...for Goldberg, fascism is strictly a Democratic disease. This allows him to dispose of the politics of the 1920s in a single sentence. "After the Great War," he writes, "the country slowly regained its sanity." What Goldberg may not know -- or is afraid to tell us -- is that the 1920s were anything but sane. This was the decade, after all, that contained the largest state-sponsored social experiment in the nation's history -- Prohibition -- and it lasted through three Republican administrations before Franklin Roosevelt ended it in 1933. The 1920s also saw the explosive spread of the Ku Klux Klan in the Republican Midwest, a virtual halt to legal immigration under the repressive National Origins Act and an angry grass-roots backlash against the teaching of evolution in public schools.
Goldberg briefly enters the Eisenhower 1950s to tease liberals for whining about the supposedly trivial impact of McCarthyism. "A few Hollywood writers who'd supported Stalin and then lied about it lost their jobs," he says. What's the big deal? For the Reagan 1980s there is near-silence -- hardly a word. I had entertained the slim hope that Goldberg might consider the "fascist" cult of personality surrounding Reagan's 1984 "Morning in America" hokum ("Prouder, Stronger, Better"). But, alas, such scrutiny is reserved only for the Clinton presidential campaign of 1992, with its "Riefenstahlesque film of a teenage Bill Clinton shaking hands with President Kennedy." Indeed, even George W. Bush's spectacularly staged landing on an aircraft carrier in full battle regalia to declare "mission accomplished" in Iraq escapes notice here. It doesn't take a village for Goldberg to play the fascist card; a single Democrat will do.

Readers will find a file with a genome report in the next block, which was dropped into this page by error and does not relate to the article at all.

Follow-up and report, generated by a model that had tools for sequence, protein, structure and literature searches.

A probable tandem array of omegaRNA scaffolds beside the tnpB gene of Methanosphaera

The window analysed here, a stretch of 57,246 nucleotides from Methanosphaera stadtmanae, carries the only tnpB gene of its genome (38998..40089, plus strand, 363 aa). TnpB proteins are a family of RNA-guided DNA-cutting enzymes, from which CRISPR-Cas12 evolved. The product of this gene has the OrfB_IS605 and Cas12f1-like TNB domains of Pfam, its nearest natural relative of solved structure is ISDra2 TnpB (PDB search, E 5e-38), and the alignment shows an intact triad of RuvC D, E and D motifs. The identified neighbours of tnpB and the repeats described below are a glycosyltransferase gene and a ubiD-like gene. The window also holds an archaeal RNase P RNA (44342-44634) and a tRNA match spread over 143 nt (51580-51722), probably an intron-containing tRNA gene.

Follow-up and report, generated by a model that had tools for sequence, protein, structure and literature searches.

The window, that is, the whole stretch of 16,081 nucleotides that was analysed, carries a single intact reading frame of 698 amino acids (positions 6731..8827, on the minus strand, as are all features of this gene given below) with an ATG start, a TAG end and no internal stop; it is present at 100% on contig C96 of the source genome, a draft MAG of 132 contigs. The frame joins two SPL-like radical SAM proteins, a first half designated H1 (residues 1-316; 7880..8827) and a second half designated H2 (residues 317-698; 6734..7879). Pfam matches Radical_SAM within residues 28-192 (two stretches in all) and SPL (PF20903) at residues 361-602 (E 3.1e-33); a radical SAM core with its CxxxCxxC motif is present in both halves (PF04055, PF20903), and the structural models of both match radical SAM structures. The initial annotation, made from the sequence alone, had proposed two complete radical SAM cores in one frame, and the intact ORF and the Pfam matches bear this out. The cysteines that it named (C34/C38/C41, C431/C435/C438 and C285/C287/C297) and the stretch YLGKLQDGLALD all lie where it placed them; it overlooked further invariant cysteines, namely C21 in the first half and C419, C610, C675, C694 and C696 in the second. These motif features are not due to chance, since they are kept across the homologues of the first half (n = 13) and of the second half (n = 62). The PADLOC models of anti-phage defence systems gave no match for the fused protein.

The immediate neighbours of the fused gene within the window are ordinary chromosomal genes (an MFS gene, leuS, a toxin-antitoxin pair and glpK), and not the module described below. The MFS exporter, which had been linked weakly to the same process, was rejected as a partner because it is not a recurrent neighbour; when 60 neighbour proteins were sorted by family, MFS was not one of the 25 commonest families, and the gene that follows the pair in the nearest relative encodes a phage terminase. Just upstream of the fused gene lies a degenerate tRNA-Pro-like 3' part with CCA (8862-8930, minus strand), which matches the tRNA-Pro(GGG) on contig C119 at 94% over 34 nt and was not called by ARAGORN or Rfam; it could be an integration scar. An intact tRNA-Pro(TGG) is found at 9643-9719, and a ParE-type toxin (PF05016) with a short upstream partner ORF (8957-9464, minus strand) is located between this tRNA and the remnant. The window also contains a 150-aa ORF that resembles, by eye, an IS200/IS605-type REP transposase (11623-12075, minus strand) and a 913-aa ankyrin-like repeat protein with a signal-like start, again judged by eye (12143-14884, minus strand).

I'm guessing that what's going on here is: the reviewer is using a polite academic tone to say that the thesis of the book is false and a little crazy; however, the tone makes the review seem more positive than it is to readers from other contexts. There's been a lot of discussion at Leiter's blog and elsewhere about Colin McGinn's* vitriolic review of Ted Honderich's recent book, and while I'm generally opposed to doing things McGinn's way I suppose this case is an argument in favor.